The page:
Why electric robotaxis might not save the planet
Electric, self-driving taxis might not be the answer to our climate problems that many people think, a new study finds.
Why it matters: Transportation is the largest contributor to U.S. greenhouse gas emissions, which is one reason that the Biden administration is pushing for a rapid shift to electrification.
- But instead of reducing energy consumption and emissions that contribute to climate change, widespread deployment of electric robotaxis could exacerbate those problems, the joint Harvard-MIT study found.
What they're saying: “While electric vehicles themselves have lower emissions than traditional gasoline-powered ones, our work shows that deploying electric robocabs en masse on America’s streets could actually increase the number of trips, miles driven and overall emissions,” says Harvard law professor Ashley Nunes, the study's lead author.
What they did: By studying data from San Francisco, Nunes’ team concluded that the convenience of ubiquitous fleets of robotaxis would increase demand for rides, generating more trips and more vehicle miles traveled — erasing the electric vehicles' environmental benefits.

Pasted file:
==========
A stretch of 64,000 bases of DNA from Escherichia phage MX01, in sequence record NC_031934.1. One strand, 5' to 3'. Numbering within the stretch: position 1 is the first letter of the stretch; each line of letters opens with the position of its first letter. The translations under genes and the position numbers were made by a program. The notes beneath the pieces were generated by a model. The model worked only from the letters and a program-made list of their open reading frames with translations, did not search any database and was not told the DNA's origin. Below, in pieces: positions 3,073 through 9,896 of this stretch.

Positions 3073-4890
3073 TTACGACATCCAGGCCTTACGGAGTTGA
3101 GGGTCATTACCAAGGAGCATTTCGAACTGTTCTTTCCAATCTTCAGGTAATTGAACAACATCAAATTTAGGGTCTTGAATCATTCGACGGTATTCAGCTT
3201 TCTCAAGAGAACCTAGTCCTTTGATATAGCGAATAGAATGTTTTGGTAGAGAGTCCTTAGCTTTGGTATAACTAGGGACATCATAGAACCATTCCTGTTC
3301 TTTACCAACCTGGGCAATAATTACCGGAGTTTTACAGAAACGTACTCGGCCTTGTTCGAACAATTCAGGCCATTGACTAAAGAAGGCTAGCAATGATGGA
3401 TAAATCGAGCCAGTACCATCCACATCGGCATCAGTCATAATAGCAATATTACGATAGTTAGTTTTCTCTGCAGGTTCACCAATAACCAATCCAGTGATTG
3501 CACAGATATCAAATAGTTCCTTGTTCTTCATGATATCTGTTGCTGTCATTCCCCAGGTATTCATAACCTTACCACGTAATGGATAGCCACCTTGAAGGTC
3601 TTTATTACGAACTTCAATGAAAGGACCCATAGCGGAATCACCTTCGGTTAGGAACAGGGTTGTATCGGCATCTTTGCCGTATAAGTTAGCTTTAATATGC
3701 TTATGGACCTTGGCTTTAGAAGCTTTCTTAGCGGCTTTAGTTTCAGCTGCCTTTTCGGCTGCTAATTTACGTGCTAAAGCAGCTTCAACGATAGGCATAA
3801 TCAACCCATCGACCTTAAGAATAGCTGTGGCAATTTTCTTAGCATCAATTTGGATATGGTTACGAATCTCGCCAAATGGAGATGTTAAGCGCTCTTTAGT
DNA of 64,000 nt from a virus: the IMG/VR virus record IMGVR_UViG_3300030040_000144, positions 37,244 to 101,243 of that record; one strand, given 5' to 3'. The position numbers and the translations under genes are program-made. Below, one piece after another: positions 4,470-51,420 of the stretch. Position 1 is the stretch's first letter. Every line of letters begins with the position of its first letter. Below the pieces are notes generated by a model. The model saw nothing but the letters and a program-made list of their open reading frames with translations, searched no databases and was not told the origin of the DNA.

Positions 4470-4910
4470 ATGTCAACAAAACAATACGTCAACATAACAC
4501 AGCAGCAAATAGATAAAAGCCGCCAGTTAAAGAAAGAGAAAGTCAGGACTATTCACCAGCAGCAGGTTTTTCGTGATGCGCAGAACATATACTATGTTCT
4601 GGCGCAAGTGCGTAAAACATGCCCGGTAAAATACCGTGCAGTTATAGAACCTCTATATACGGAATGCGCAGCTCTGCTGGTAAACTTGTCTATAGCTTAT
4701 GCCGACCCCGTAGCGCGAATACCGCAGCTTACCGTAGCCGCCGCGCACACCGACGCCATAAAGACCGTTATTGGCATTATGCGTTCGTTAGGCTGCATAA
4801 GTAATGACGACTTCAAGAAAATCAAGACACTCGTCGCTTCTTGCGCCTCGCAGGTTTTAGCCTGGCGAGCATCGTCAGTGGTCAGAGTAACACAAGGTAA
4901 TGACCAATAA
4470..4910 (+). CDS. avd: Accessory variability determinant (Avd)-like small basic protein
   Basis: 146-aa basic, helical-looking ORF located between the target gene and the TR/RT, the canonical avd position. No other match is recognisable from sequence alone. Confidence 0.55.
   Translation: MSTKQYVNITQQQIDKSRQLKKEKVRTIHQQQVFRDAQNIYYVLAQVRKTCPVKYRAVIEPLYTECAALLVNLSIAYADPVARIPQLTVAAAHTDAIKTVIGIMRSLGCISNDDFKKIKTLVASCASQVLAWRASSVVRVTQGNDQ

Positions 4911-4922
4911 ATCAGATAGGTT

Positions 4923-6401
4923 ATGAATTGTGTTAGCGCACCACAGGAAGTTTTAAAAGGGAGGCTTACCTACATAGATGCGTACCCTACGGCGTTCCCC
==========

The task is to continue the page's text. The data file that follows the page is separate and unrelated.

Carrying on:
Key takeaway: To avoid worsening emissions, electric robotaxis would need to be 55% cleaner than today's EVs — or people need to stop riding solo, the study concluded.
- Without more renewable energy sources, as many as 75% of rides would need to be shared, up from 20% today.
Yes, but: The pandemic has soured people on ride-pooling, Nunes acknowledges, which means robocabs must reduce their carbon footprint even more.
What's needed: The researchers offered several policy recommendations, including:
- Clean up the electricity grid, using more renewable energy sources.
- Rather than subsidizing EV purchases, federal and state governments could offer discounts for ride-pooling.